Masters of the Air America's Bomber Boys Who Fought the Air War Against Nazi Germany free read ê 106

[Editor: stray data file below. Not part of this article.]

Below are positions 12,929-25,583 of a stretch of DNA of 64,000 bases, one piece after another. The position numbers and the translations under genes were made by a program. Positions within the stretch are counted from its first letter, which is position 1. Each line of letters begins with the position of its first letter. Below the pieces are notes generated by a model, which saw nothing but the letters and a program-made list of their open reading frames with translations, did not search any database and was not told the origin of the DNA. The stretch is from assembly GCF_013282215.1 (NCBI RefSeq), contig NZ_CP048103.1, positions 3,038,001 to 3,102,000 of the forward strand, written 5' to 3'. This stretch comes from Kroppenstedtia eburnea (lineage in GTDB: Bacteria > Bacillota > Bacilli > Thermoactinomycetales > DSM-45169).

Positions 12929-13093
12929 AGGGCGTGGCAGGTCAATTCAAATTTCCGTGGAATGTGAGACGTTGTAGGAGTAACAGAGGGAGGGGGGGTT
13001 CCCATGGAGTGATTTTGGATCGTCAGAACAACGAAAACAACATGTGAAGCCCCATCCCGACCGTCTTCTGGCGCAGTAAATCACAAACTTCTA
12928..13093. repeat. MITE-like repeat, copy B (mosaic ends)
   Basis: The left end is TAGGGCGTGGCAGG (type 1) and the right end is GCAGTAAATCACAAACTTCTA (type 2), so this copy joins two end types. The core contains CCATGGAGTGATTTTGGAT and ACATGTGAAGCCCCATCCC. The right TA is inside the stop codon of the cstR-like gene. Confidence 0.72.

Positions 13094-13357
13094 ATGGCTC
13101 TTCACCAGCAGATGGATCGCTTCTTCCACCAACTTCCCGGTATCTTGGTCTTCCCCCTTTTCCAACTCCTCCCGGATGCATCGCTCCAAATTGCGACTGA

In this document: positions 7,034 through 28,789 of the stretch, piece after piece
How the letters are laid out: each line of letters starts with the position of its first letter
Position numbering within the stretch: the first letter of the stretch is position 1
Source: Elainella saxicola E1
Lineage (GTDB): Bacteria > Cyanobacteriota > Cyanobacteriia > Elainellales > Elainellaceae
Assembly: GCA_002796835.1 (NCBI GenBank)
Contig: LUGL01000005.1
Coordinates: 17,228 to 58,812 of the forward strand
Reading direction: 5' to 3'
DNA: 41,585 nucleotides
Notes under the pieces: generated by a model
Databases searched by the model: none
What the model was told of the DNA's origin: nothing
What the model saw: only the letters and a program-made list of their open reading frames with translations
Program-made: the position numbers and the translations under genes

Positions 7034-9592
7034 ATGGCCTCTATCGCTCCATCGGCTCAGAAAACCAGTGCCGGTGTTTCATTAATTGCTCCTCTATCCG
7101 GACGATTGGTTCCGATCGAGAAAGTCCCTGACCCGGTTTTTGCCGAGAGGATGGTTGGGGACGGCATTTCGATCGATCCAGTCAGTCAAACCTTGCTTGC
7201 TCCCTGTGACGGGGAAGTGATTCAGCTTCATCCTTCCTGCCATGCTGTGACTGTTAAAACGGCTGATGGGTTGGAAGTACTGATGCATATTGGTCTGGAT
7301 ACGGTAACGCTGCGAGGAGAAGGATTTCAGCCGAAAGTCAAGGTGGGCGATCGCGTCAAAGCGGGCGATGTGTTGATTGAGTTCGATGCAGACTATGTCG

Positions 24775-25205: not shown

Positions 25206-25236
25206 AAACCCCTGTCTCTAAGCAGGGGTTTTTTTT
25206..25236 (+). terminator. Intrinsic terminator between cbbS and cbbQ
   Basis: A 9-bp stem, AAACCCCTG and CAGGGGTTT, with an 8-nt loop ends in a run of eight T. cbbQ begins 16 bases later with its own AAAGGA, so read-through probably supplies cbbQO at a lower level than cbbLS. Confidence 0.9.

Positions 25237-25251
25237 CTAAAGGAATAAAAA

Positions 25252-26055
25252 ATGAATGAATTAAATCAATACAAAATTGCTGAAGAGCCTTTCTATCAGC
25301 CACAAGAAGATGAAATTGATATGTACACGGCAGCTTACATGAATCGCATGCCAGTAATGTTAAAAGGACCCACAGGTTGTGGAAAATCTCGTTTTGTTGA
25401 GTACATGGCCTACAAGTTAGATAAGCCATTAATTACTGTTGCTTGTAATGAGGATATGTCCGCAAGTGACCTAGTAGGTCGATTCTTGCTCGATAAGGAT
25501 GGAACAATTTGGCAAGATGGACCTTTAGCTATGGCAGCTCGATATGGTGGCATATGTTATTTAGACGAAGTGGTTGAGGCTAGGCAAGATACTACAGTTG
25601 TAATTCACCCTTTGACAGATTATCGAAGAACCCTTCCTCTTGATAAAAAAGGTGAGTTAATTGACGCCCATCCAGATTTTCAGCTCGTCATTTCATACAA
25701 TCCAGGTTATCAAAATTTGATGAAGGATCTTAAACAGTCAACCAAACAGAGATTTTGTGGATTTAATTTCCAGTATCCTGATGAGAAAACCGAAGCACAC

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Masters of the Air is the Air MOBI #239 the deeply personal story of the American bomber boys in World War II who brought the war to Hitler's doorstep With the narrative power of fiction Donald Miller takes readers on a harrowing ride through the fire filled skies over Berlin Hanover and Dresden and describes the terrible cost of bombing for the German peopleFighting at feet in thin freezing air that no warriors had ever encountered before bomber crews battled new kinds of Masters of PDF assaults on body and mind Air combat was deadly but intermittent periods of inactivity and anxiety were followed by short bursts of fire and fear Unlike infantrymen bomber boys slept on clean sheets drank beer in local pubs and danced to the swing. How do we compare this new arena of warfare especially in 1943 to other battles In 1943 an Eighth Air Force crewman had an 80% chance of dying being wounded captured or going missing before completing 25 missions The bombers always got through never stopped by the German defenders This book tells the story of the Eighth Air Force in WWII magnificently 5 Battle Stars all the wayIf you want to understand the air war in WWII over Europe this single volume will give you much of what you need So many aspects of the war are covered many areas I had little or no knowledge of Mr Miller keeps it interesting never a dull moment He begins with a concise explanation of the theories of this new dimension in warfare Guilio Douhet and BGen Billy Mitchell are the famous proponents of airpower as a decisive new weapon both men believed a sustained strategic campaign against the civilian infrastructure and population would mean a uicker victory and fewer casualties overall Mr Miller covers this theoretical grounding of airpower theory uickly and moves along to the important Air Corps Tactical School in Alabama Here is where the theory of strategic bombing became dogma where the foundation was laid for the daylight precision bombing campaign that would be so bloody Mitchell and Douhet theoriesview spoiler For the first time in the history of modern armed conflict civilians were singled out as deliberate military targets not only because they were valuable producers but also because they were easy to intimidate Both Douhet and Mitchell were convinced that civilians lacked the fortitude to stand up to vertical warfare waged with high explosives incendiaries and poisonous gases that generation s euivalent in terror generating capacity of atomic warfare The evidence they had before them was the mass panic and terror in London and Cologne caused by World War I bombing attacks air strikes far smaller than either of them envisioned in future wars The new wars will be decided swiftly Douhet argued precisely because the decisive blows will be directed at civilians that element of the countries at war least able to sustain them Modern industrial states they theorized were highly vulnerable to air attack because their economies formed a delicate interconnected fabric or web A relentless precision bombing campaign needed to hit only those industries that made products or supplied services essential to almost all other industries Destroy an enemy s choke points its steel electric power ball bearing oil and railroad industries and its entire war economy would collapse making continued military resistance untenable hide spoiler